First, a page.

In selling the health care overhaul to Congress, the Obama administration cited a once obscure research group at Dartmouth College to claim that it could not only cut billions in wasteful health care spending but make people healthier by doing so. Wasteful spending — perhaps $700 billion a year — “does nothing to improve patient health but subjects you and me to tests and procedures that aren’t necessary and are potentially harmful,” the president’s budget director, Peter Orszag, wrote in a blog post characteristic of the administration’s argument. Mr. Orszag even displayed maps produced by Dartmouth researchers that appeared to show where the waste in the system could be found. Beige meant hospitals and regions that offered good, efficient care; chocolate meant bad and inefficient. The maps made reform seem relatively easy to many in Congress, some of whom demanded the administration simply trim the money Medicare pays to hospitals and doctors in the brown zones.
The administration promised to seriously consider doing just that. But while the research compiled in the Dartmouth Atlas of Health Care has been widely interpreted as showing the country’s best and worst care, the Dartmouth researchers themselves acknowledged in interviews that in fact it mainly shows the varying costs of care in the government’s Medicare program. Measures of the quality of care are not part of the formula.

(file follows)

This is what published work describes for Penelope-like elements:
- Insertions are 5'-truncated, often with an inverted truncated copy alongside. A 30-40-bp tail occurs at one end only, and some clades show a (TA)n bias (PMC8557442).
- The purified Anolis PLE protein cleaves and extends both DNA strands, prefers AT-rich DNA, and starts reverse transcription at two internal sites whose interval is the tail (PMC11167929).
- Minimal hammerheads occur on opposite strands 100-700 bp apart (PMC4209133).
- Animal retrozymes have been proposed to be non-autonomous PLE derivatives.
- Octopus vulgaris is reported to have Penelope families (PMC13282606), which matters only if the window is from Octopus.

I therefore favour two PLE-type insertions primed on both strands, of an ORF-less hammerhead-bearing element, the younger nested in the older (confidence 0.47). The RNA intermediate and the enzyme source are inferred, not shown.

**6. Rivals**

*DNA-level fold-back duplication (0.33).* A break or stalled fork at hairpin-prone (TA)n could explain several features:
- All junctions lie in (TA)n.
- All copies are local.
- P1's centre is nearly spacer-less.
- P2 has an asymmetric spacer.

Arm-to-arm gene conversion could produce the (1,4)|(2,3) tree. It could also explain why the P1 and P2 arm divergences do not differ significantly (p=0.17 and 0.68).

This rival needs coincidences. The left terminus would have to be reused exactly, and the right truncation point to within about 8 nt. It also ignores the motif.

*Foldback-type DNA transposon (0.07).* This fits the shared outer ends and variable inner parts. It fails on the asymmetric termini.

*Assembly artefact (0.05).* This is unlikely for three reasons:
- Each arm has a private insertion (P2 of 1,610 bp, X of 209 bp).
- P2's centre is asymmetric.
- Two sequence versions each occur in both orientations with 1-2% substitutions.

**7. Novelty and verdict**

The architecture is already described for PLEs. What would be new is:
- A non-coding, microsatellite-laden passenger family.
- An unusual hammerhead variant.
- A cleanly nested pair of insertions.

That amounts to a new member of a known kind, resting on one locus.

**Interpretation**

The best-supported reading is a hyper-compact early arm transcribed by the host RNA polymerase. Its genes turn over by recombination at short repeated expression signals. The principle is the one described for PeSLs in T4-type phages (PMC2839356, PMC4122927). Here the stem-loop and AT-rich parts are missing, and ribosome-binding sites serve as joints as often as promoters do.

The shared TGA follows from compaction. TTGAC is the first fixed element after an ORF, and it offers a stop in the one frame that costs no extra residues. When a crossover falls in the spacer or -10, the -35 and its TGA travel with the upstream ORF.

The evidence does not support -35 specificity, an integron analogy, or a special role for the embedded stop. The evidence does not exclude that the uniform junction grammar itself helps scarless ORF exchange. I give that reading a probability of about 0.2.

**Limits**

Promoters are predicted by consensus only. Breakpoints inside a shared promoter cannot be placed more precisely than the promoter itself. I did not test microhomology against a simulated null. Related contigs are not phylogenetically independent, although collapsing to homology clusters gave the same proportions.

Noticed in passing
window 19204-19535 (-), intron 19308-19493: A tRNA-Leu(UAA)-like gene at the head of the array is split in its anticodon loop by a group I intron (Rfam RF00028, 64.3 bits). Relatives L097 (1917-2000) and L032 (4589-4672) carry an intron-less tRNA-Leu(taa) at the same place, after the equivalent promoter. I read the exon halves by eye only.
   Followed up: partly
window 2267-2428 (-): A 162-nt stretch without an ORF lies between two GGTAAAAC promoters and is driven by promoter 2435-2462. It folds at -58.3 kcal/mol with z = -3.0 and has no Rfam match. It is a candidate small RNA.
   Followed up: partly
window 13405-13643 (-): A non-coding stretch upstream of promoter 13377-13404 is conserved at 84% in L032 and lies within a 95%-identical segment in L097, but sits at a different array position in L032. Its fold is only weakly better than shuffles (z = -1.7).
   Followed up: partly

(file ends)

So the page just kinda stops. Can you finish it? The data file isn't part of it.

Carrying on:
For all anyone knows, patients could be dying in far greater numbers in hospitals in the beige regions than hospitals in the brown ones, and Dartmouth’s maps would not pick up that difference.
The mistaken belief that the Dartmouth research proves that cheaper care is better care is widespread — and has been fed in part by Dartmouth researchers themselves. The debate about the Dartmouth work is important because a growing number of health policy researchers are finding that overhauling the nation’s health care system will be far harder and more painful than the Dartmouth work has long suggested. Cuts, if not made carefully, could cost lives.